So don’t be too hard on yourself if you’re not as far along as you think you should be at a given moment. Observe your strengths as a player, and work on them, because those are the elements that will be the foundation of your style. Observe also the things you need to improve, and find and develop materials to address them. Use a metronome and track your progress. Then do it all over again tomorrow, and the next day, and so on.
No one is Paul Gilbert or Joe Satriani right out of the box — those players will be the first ones to tell you the same thing. In guitar, just as in the rest of life, persistence beats talent in the long run, every time; in fact, persistence is what it takes to develop talent.
Set realistic short-term goals for yourself, such as learning a new scale in several different positions in a week, or six or eight songs in a month. Some goals you’ll meet right on schedule, some you might come close but not quite “on time.” That’s fine, just finish up and move on to the next goal. You’ll be pleasantly surprised how quickly all those modest goals build into a formidable technique and style.
As always, play hard and have fun!
There are so many ways to play a given scale, and it’s useful to know as many as possible, in order to have something for every occasion. You’re probably familiar with the standard scale form that stays in a single position:
Three-note-per-string (which we refer to at PTG with the “3N/S” shorthand) scales are extremely handy for generating melodic sequences that are easy to play at higher tempos, and cover a greater range than position scales.
The natural progression from 3-note-per-string scales is 4-note-per-string (or 4N/S). Here is the G major scale mapped out as such, sliding with the 4th finger as it ascends:
Notice how the fingering shapes line up along the adjacent string pairs, with some position shifting — the low E and A strings have the same shape; the D and G strings have the same shape; and the B and high E strings share a shape. This makes the entire scale somewhat easier to memorize, but there’s still a fair amount there.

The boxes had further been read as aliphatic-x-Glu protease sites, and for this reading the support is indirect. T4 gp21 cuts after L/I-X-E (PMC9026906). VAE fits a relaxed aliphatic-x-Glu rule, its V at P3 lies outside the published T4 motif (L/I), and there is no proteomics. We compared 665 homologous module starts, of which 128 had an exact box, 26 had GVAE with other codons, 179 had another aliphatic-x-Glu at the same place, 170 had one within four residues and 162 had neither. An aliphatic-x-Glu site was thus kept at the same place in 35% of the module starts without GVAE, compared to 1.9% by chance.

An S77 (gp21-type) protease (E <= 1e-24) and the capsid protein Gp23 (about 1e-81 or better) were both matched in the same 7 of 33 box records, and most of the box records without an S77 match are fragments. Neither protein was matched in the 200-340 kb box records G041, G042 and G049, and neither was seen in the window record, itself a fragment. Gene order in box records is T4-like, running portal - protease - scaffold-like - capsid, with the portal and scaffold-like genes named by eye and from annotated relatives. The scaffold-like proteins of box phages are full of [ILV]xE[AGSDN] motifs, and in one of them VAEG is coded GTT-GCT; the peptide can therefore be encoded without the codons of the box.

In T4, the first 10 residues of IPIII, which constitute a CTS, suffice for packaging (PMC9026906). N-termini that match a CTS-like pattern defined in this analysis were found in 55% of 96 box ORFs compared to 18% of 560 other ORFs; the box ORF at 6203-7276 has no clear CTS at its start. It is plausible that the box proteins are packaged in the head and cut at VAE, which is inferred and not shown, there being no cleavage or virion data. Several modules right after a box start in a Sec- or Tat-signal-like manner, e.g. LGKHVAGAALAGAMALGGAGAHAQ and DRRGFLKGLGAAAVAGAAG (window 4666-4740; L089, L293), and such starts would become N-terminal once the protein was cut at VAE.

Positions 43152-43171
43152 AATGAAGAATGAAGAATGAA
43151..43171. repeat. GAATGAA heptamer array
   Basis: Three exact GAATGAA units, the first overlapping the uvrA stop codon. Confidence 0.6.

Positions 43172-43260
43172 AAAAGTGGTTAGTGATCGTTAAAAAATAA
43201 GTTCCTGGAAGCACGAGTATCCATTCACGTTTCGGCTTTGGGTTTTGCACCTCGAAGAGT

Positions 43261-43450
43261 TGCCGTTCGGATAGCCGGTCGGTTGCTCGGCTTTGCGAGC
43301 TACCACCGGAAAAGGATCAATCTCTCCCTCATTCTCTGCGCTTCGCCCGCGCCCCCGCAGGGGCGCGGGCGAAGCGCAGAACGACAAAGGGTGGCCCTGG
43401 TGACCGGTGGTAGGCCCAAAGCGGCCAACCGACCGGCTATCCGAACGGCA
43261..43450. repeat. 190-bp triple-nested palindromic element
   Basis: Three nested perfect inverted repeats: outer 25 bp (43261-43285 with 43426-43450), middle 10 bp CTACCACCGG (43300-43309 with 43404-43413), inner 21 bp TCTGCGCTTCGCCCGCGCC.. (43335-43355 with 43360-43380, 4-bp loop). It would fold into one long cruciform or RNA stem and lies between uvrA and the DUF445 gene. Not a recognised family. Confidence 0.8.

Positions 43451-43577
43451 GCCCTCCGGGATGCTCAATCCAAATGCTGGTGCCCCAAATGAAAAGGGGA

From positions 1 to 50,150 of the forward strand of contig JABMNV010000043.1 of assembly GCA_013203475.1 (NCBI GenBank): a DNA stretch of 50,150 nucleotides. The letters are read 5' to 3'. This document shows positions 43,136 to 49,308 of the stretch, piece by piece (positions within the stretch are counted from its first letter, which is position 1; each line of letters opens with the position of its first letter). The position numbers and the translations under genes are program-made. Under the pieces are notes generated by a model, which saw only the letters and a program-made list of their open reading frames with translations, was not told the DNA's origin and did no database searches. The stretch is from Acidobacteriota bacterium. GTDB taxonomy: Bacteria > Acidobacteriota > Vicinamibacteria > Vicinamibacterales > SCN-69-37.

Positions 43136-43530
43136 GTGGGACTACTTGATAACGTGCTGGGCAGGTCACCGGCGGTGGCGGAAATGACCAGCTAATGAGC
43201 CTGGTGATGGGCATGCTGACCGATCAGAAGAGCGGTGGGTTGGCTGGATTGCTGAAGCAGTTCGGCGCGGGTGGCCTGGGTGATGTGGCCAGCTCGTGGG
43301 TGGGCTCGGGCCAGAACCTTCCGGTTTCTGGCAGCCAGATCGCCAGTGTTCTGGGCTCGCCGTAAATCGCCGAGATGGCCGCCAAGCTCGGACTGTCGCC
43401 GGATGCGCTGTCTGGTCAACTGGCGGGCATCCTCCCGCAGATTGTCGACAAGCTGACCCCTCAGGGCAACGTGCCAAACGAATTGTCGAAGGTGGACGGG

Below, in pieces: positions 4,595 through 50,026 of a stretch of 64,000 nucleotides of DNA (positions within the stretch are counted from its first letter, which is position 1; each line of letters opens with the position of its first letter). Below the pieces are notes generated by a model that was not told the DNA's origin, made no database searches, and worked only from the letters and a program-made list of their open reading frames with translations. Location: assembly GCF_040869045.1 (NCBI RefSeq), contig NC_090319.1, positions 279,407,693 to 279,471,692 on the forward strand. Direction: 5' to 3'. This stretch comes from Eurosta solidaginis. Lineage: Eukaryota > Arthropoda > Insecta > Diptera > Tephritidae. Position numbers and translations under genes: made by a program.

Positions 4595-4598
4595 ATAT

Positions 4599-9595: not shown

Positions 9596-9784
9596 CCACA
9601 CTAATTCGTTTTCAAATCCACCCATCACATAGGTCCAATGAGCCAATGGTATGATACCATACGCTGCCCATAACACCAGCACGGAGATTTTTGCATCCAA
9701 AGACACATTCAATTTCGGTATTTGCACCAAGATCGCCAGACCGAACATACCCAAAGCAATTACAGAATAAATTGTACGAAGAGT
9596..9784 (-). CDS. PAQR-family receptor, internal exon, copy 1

Now let’s look at the A minor scale in 4N/S:
This one’s a little tougher; A and D have the same fingering shape, and B and E’ share a shape. But that’s about it. Additionally, even with the position shifting and finger sliding, these are still not easy shapes to play, especially for people whose hands are not that large.
While it’s important to learn as many scale shapes and patterns as possible, as pointed out earlier, this is really only true as long as the patterns are simple to learn, convenient to play, and actually facilitate making music. There’s no point in learning a pattern that you can’t use for melodic material.
The 4N/S shapes are still worth learning, as they do give a greater melodic range to work with, and can be used for melodic sequences the same way 3N/S scales can. And the expanded fretboard navigation is valuable in greater fretting hand control.
But there’s also a happy middle ground worth learning, in combining 3-note- and 4-note-per-string patterns. This gives you the best of both worlds — there’s still a huge range of the neck that’s covered with the pattern, but they’re more playable by guitarists of most experience levels, and they don’t require huge hands to play.